With the appropriate platform, you can better manage your organisation’s talent pool, and reach out to potential candidates who have the right skills and/or capabilities. On an organisational level, you will be able to find employees with transferable skills, who are already familiar with your organisation. You can also easily identify which individuals are interested in mobility, while employees will be able to recognise there are career development opportunities available to them. Additionally, depending on the quality of your platform, organisations should be able to review and report on their workforce’s capability, skills and any gaps that require attention.

STEP 4: Track your workforce capability gaps and future needs

Managers need to understand individual employees, their strengths, weaknesses, and goals. An internal mobility program with an appropriate platform allows you to track employee skills and capabilities, thereby making it easier to quickly analyse your organisation’s needs and potential gaps.

If your management team understand the resources available to them, they will be empowered to address any staffing issues and fulfil any gaps through training and development.

Higher rates of mobility aid your organisation by translating different skills into different departments, and by providing a broad picture overview of the organisation to all employees. As mobility increases, managers will find themselves working with employees who already have significant knowledge of the organisation’s processes and procedures, rather than working with new, external employees over time. Managers with a better understanding of their mobile workforce will be able to better leverage this connection, rather than attempting to chase specific skill sets in external hires which is also made worse by the high cost of recruitment.

STEP 5: Reward and recognise your team’s mobility efforts

To encourage employees to engage with a mobility program, you should showcase individuals who have used mobility for personal or team development. Managers who have been able to successfully utilise mobility on the organisation’s behalf should be recognised and rewarded. You should ensure employees who have successfully moved into other areas of the organisation are given continued support, training, and resources.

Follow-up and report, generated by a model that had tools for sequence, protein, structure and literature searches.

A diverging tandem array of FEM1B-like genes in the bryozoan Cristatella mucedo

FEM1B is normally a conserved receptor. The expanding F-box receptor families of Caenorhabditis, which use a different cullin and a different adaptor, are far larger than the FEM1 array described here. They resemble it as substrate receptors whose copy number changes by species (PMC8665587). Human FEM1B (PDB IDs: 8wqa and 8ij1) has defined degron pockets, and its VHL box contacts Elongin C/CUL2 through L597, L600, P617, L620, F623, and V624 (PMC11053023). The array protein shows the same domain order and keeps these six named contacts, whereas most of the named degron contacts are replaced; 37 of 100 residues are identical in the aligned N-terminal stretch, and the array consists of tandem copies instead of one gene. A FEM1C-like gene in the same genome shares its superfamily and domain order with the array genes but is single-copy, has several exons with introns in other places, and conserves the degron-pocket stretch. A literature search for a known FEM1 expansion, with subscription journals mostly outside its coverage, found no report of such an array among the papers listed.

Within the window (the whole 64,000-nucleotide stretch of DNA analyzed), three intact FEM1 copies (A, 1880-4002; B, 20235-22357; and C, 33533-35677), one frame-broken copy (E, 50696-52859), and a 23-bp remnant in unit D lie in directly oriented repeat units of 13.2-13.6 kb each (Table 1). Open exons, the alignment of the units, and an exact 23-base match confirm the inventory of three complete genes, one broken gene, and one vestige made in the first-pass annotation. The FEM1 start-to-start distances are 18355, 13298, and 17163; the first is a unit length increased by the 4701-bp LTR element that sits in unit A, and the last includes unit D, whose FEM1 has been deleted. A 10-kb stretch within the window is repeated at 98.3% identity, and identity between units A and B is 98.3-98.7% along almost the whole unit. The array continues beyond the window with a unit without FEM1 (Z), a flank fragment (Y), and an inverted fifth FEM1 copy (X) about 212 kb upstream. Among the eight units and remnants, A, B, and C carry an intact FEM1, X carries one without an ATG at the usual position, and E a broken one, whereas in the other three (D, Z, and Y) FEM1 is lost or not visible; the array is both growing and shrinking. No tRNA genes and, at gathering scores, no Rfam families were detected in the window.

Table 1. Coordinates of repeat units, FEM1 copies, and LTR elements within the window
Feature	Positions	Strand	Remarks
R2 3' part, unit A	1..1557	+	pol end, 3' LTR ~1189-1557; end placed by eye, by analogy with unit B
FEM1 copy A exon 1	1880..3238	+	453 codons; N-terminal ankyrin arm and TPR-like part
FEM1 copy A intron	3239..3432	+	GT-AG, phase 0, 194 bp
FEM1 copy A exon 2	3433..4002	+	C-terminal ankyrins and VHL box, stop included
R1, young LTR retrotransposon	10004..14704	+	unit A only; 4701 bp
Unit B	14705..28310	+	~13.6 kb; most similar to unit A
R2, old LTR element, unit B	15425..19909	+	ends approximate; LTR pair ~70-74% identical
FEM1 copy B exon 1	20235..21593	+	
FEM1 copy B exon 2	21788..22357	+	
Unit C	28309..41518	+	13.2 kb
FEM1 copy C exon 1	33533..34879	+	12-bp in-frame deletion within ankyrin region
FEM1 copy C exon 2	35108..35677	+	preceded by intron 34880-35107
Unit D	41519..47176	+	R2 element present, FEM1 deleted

By rewarding and recognising this behaviour, you can create a culture that is focused around deploying employees to their most successful and satisfying positions, utilising the skills that they have and building the skills that they don’t.

STEP 6: Consider cross-agency partnerships that might be mutually beneficial

Creating partnerships with relevant organisations or other internal business units, can ensure you secure the motivated and ambitious employees needed to succeed and provide an opportunity for useful understanding and better collaboration between partnerships.

Cross-agency partnerships don’t need to be permanent; when two agencies work together on a project, it may make sense for an employee to be transferred to the other agency for the duration of the project. Through this, both organisations can achieve better results, and the employee will return to your organisation with renewed confidence and knowledge. As an example, Transport NSW and Sydney Trains are closely connected. A mobility partnership would benefit both parties, as employees could cross-train and gain an understanding of the processes and procedures of each other’s agency.

Through mobility programs, organisations can achieve their own workforce development goals, increase capability at a much lower cost while improving employee satisfaction and retention. In a mobile organisation, employees will be highly skilled, well-trained, and confident in their abilities. However, it can be difficult to develop a mobility program from the ground up. A systematic approach and the appropriate tools can make it easier — especially when guided by experienced, knowledgeable professionals.

Read our case study to find out more about how a mobility pathway benefited NSW Department of Family and Community Services.